Vol. 84, No. 5, May 2011
Public Hearings – Administrative Review
Andersen v. Department of Natural Resources, 2011 WI 19 (filed 23 March 2011)
The petitioners asked the Department of Natural Resources (DNR) to review a permit governing discharges from the Fort James Broadway Mill in Green Bay. They contended that the permit did not comply with various federal statutes and regulations governing pollution. The petitioners also requested a hearing under Wis. Stat. section 283.63(1)(b). The DNR denied the hearing request, concluding that challenges made under section 283.63 must be based on Wisconsin law. The circuit court affirmed. The court of appeals, however, reversed in a published decision. See 2010 WI App 64.
The supreme court reversed the court of appeals in a majority opinion authored by Justice Ziegler. “The issue in this case is whether Wis. Stat. § 283.63 requires the DNR to hold a public hearing on CWAC’s [Clean Water Action Council of Northeastern Wisconsin, Inc.’s] petition for review of the permit reissued to Fort James’ Broadway Mill when the premise of CWAC’s petition is that the permit fails to comply with basic requirements of the Clean Water Act and federal regulations promulgated thereunder” (¶ 7).
“We conclude that the DNR’s interpretation and application of Wis. Stat. § 283.31(3)(d)2. is entitled to great weight deference. The DNR meets all four elements of the great weight standard. First, the legislature has expressly charged the DNR with the duty of administering the WPDES [Wisconsin Pollutant Discharge Elimination System] permit program, the provisions of which are comprised in chapter 283. Wis. Stat. § 283.001(2). Second, the DNR’s interpretation and application of chapter 283 (and its predecessor, Wis. Stat. ch. 147) is one of long-standing: the DNR has administered the WPDES permit program since the EPA approved the state program in 1974. [citation omitted] Third, the DNR employed its expertise or specialized knowledge in forming its statutory interpretation and application to the permit reissued to Fort James’ Broadway Mill. The DNR considered the particular and highly technical comments submitted by the three interested parties, including Midwest Environmental Advocates, and provided specific, detailed responses. Fourth, the DNR’s interpretation will provide uniformity and consistency in the application of chapter 283. There are currently 1,066 WPDES wastewater permit holders: 680 municipal wastewater permittees and 386 industrial wastewater permittees”
The holding, said the court, did not leave the petitioners without a remedy. “We merely foreclose Wis. Stat. § 283.63 as one avenue. If CWAC is entitled to a remedy, the remedy rests with the EPA” (¶ 65).
Chief Justice Abrahamson dissented, joined by Justice Bradley. “First, the majority misinterprets the balance created between federal oversight and state application and enforcement of the Clean Water Act. Second, by inverting the federal/state balance, the majority has left the petitioners in the present case, as well as future challengers, with no effective forum in which to express their concerns that terms in a state-issued permit do not comply with federal law” (¶ 70). Specifically, the EPA’s “discretionary decision not to object to permit terms cannot effectively be challenged in federal court” (¶ 80).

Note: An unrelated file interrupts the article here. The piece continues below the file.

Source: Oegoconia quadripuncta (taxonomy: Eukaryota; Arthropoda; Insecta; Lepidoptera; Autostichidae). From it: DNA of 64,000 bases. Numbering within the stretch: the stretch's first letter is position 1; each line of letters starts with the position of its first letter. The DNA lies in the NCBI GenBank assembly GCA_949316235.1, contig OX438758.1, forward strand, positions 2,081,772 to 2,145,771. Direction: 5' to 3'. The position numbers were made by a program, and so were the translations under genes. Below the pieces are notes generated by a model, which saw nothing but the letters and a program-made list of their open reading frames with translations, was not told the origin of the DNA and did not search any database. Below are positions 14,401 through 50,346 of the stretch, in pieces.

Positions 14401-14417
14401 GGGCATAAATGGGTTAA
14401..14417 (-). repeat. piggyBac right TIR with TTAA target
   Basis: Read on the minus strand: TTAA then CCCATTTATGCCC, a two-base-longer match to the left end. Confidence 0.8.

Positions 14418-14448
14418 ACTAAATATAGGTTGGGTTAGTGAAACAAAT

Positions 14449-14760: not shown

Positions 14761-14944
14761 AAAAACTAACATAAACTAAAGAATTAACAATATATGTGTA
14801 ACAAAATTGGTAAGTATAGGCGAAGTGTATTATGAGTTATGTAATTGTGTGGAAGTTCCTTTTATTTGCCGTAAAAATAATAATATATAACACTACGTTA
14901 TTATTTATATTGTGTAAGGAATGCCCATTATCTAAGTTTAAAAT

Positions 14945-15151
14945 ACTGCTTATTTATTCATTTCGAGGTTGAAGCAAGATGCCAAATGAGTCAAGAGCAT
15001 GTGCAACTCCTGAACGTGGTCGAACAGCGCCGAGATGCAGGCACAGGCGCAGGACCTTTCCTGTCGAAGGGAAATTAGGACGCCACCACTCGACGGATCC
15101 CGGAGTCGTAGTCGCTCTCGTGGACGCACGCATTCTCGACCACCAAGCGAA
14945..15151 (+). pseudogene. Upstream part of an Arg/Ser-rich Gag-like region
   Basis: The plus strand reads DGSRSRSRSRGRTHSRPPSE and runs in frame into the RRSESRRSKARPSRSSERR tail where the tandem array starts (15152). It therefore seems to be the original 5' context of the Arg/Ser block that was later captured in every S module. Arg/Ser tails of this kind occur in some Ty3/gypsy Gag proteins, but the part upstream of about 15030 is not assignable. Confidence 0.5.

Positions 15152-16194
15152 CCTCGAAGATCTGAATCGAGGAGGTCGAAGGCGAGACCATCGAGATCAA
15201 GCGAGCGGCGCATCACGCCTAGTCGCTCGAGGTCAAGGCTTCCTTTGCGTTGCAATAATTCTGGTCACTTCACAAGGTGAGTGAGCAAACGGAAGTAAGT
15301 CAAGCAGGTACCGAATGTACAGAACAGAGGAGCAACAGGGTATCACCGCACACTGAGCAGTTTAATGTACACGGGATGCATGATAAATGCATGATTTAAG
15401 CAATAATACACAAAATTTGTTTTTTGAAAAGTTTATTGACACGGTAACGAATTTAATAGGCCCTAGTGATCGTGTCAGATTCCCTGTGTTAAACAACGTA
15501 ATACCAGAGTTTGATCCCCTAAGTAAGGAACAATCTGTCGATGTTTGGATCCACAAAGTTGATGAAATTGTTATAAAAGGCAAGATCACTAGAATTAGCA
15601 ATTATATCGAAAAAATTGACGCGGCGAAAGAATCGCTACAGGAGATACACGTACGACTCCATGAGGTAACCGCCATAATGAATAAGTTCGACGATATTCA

Certiorari Review of Municipal Decisions
Ottman v. Town of Primrose, 2011 WI 18 (filed 22 March 2011)
A town board denied the Ottmans’ application to build a residential driveway on property zoned for agricultural use. The town said the Ottmans failed to show that the pertinent property produced at least $6,000 in income, as required by its land-use plan. The circuit court dismissed the Ottmans’ petition for certiorari review of the town’s decision. In an unpublished opinion, the court of appeals affirmed.
The supreme court affirmed the court of appeals in a unanimous opinion, written by Justice Bradley, that analyzes in depth certiorari review of decisions by municipalities. The supreme court found no persuasive reason to alter the scope of statutory certiorari review, which nonetheless “permits courts to determine whether the Board proceeded on a correct theory of law” (¶ 46). Here, the Ottmans’ quarrel was more with the presumption of correctness and the deference extended to the town’s decision (see ¶¶ 46-47). A municipality’s interpretation of a statewide standard is entitled to no deference, lest one locality acquires “disproportionate authority to influence state standards” (¶ 59).
“In other circumstances, however, the language of the municipality’s ordinance appears to be unique and does not parrot a state statute but rather the language was drafted by the municipality in an effort to address a local concern. In such a case, the municipality may be uniquely poised to determine what that ordinance means. Then, applying a presumption of correctness, we will defer to the municipality’s interpretation if it is reasonable” (¶ 60). “A municipality’s interpretation of its own ordinance is unreasonable, for example, if it is contrary to law, if it is clearly contrary to the intent, history, or purpose of the ordinance, or if it is without a rational basis. An interpretation that directly contravenes the words of the ordinance is also unreasonable” (¶ 62) (citation omitted).
The supreme court specifically declined to “graft” the framework for reviewing administrative agency determinations to its review of municipal decisions (see ¶ 64).